- Verizon Wireless Quietly Launches Flash-Based Storefront

Tricia Duryee
Wednesday, September 17, 2008; 8:00 PM

Verizon Wireless ( NYSE: VZ) has quietly released Dashboard, a new storefront found on its phones using Adobe's ( NSDQ: ADBE) Flash technology, mocoNews has learned. So far, Dashboard has launched on the LG Chocolate 3, and more phones are expected by the end of the year, making it one of the largest mobile implementations of Flash in the U.S., both Verizon Wireless and Adobe confirmed. Todd Murphy, Verizon Wireless's director of digital media programming, explained to us the platform stands alongside the carrier's Get It Now platform, and is designed to be an easy place for consumers to find both content from Verizon's deck, but also links that take you to the mobile Web, "It's a dynamic real-time store. It's one click up on the Chocolate 3. We have a system on the back end that allows you to merchandise and change things every couple of hours."

The launch of Dashboard comes just before Adobe's CEO Shantanu Narayen keynoted at CTIA, where he pleaded for more standards in the industry, so that content can be developed once and published across many mobile devices and also the Internet and TV. However, operators in the U.S. have been slow to adopt Flash, even though it's embedded in a lot of handsets. Lack of Flash is a constant complaint about the iPhone. Verizon has been one of the more aggressive companies on that front, providing a Flash Lite extension to its Brew platform, which features content from game companies, such as Smashing Ideas and Mobitween, but also videos from MTV's Atom Entertainment. Anup Murarka, Adobe's director for technical marketing, who also appeared at CTIA, told us: "In terms of Flash Lite, Japan has been the first and foremost, and then Europe and now it is gaining in the U.S." For instance, little do people know that Flash is used on some of the popular phones, including the LG (SEO: 066570) Shine, Venus and Voyager. "We can enable these experiences to be richer, or more engaging, and the end-user doesn't even know it...You'll see additional examples over the next six to nine months."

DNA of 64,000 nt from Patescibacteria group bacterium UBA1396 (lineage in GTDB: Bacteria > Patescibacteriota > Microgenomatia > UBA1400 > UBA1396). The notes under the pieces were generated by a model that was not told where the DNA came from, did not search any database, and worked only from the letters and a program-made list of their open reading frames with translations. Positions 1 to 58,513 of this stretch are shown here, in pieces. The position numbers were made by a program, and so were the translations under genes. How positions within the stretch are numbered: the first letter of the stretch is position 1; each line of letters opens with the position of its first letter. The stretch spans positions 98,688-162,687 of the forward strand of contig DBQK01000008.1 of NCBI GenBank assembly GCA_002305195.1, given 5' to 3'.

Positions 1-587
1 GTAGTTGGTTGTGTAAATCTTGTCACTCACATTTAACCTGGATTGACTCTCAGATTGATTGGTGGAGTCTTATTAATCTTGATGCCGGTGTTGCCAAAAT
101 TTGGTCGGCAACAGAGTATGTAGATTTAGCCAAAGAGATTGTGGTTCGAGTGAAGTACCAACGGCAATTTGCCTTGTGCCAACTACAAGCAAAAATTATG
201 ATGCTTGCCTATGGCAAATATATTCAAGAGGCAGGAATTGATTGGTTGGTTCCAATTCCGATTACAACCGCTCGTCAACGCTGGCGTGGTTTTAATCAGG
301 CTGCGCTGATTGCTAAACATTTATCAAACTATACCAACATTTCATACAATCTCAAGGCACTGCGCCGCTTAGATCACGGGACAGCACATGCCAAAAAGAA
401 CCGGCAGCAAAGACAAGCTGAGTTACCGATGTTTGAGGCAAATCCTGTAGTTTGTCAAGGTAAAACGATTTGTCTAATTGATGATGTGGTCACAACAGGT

More on Dashboard's specs after the jump?

What is Dashboard?: With one click, a user with the right handset can launch the Dashboard, which features a number of widgets or channels, such as news, entertainment, music, ESPN ( NYSE: DIS), Fox Sports, Weather, games and search. Each channel has an animated ticker that scrolls across the screen, detailing more information about the channel. Murphy said this will not replace anything they currently have, but will compliment both the browser and Get It Now. "Flash is a powerful programming language, but it's not as powerful as J2ME and Brew as a run-time development. You couldn't do a deep application?you couldn't build VZ Navigator."

Dashboard vs. Get It Now: Murphy said the key is the user interface. It provides one place where you can feature links to both Get It Now and links to the mobile Web, which "is a significant achievement for us...There's no more one-way streets." For example, when you click on the Comedy Central widget, a user might have the choice of Joke of the Day and other features, but then also links to wallpapers and other content for sale. "Now you can merchandise mobile Web stuff right next to Get It Now stuff." Dashboard also has a search feature where people can find content by keyword, or if Verizon is featuring a sponsorship with Lil' Wayne, for example, they can provide a link, which would return a list of results for everything Lil' Wayne, from news to wallpapers and to ringback tones. That service is being provided by Medio Systems, which will be part of Verizon's overall search strategy going forward with Google ( NSDQ: GOOG), but also has a downloadable search application on Get It Now.

Three-screen strategy: The ultimate strategy is to have a platform that can run across all of Verizon's three screens: mobile, TV (via FiOS) and Internet. "We are part of the Open Screen Project, and we are very dedicated to working with them on getting a consistent run-time of Flash across all of our technologies...We aren't at that point where there's consistent run-times?they are fairly different?but Adobe is starting to scale the production of the tools."


@ CTIA: Keynote: Adobe CEO Shantanu Narayen Stresses Need For Standards

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